I just assume that people are just people and that we generally have a lot more in common than we would like to admit. Most of my favorite stories are ones where you can't decide whether to love a person or hate a person. I like when you can't tell if they're supposed to be good or bad, because I feel like generally that's how things are. Also, I think when you tell a story from that person's point of view, it's easier to sympathize.
You do a fair number of love songs that feel intimate, but not confessional. Is songwriting ever autobiographical for you?
I think all songs are at least a ... little autobiographical but "The Villain" is probably the most literally autobiographical tune. It's based on dreams that an ex-girlfriend was having about me.
Speaking of balance, I'm interested in the musical mix you're creating with your trio. It's rooted in the rhythms of your acoustic guitar, so that even though you don't tour with a drummer, it feels very rock and roll. But then you mix in the fiddle, which signifies as country or bluegrass, and the stand-up bass, which is kind of jazzy. Why this line-up? I know you've said you'd add a drummer if you could afford it, but what do you gain from staying acoustic?
I wish I could say it was some grand design that I've been working on, but really that's just sort of how it happened. Mike (Rose, my bassist) and I have been playing together since high school. We got tired of drummers and started playing as a duo (acoustic guitar and electric bass) then he bought an upright bass and started learning that, so we did that for a while as a duo. Dan (Foulks, fiddle) came to a gig that Mike and I were playing one day and said "Hey, can I play?" and he's been playing with us since that gig. So, it just kind of happened that way. On a purely technical level, I prefer acoustic guitar because I like to use thumbpicks and I play really hard, and acoustics seem to respond a little better to that.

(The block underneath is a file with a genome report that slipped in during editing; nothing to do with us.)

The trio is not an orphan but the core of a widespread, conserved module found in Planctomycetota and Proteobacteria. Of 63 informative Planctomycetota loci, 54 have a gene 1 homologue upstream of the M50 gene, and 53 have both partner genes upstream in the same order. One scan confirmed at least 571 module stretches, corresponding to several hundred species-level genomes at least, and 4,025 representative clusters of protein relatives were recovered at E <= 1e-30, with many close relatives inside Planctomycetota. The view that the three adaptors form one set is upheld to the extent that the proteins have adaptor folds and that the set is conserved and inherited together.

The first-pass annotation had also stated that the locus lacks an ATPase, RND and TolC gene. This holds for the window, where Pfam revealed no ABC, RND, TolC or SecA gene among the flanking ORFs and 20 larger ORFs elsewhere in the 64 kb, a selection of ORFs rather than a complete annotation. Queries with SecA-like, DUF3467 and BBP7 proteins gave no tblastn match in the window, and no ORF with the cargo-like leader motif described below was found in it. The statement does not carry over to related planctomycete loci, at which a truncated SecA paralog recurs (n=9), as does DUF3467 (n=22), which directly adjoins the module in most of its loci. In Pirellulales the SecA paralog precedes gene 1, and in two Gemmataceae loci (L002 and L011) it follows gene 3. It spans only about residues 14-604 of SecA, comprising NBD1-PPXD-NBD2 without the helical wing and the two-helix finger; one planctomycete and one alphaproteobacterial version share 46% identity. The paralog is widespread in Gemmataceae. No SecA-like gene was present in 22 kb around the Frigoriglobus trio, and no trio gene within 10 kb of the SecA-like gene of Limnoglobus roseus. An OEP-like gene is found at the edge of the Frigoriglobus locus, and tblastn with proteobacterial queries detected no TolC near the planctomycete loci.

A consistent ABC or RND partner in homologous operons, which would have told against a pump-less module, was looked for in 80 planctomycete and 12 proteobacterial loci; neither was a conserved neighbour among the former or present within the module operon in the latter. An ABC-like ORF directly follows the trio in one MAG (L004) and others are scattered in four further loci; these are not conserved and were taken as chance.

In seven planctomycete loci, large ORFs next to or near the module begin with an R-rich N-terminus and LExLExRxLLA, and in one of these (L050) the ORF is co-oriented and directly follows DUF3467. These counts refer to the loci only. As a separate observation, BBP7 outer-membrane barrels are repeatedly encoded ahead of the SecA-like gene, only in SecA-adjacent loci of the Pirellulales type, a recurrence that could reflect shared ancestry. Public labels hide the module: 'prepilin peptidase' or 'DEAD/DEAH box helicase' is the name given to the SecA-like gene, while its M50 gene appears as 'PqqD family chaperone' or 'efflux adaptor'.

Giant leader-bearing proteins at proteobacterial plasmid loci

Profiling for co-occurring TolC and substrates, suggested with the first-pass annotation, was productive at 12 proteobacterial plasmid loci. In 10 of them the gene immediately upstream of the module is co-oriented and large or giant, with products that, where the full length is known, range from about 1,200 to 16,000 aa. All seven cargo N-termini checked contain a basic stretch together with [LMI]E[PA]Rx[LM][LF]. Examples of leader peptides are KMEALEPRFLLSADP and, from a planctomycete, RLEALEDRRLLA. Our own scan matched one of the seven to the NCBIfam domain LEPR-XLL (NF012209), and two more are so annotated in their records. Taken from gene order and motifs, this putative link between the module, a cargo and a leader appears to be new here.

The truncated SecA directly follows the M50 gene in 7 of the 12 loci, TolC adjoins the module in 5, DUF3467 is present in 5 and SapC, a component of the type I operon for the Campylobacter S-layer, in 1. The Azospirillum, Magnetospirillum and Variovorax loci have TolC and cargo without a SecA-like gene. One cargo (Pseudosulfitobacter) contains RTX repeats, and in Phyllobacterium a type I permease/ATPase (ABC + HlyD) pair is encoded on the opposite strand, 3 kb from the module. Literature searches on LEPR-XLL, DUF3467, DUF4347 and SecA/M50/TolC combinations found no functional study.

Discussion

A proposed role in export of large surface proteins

When I first heard you sing, it was not what I expected from a singer-songwriter. Your style is much more soulful than, you know, sensitive. I know that church music influenced you but, but I also hear blues and early rock and roll. How did you develop your vocal approach? Who inspires you as a singer?
To me, gospel singing and blues singing are the same thing, just one's about Jesus and the other's about women or the devil or something. I did listen to a bunch of blues growing up, too. As far as developing a sound, I just try to sing like the people that I like hearing. My vocal idols are Tom Waits, Howlin' Wolf, Ella Fitzgerald, Ray Charles and Freddie Mercury.
Interviewers always point out that you're from Oklahoma, like many interesting young songwriters now, but rarely do they mention the complex musical heritage of your home state. Sure, Woody Guthrie's from there, but so is Charlie Christian. And the Flaming Lips. And Garth Brooks. One of the biggest rock festivals in the country — Rocklahoma — happens there every summer. At the same time, within Americana music, there's a clearly strong and focused scene right now. What does it even mean to be an Oklahoma artist, in your opinion?
On one level, it just means I grew up sort of bored, because there wasn't much to do, but it also means I had plenty of time to read and write and mess around on my guitar a lot.
On another level, I have a theory about Okies. Both sides of my family have been here for 5 generations. 100 years ago, when my ancestors got to Oklahoma, it wasn't much more than some hard dirt, a few railroad stops, and a bunch of cattle. It's still about the same except you can add oil rigs in there too. The folks who moved here and survived had to be rugged, and they had to rely on each other, because the landscape sure as hell wasn't doing them any favors. I could go on about my Okie theories for days, but I think that there remains a sort of pioneer spirit here.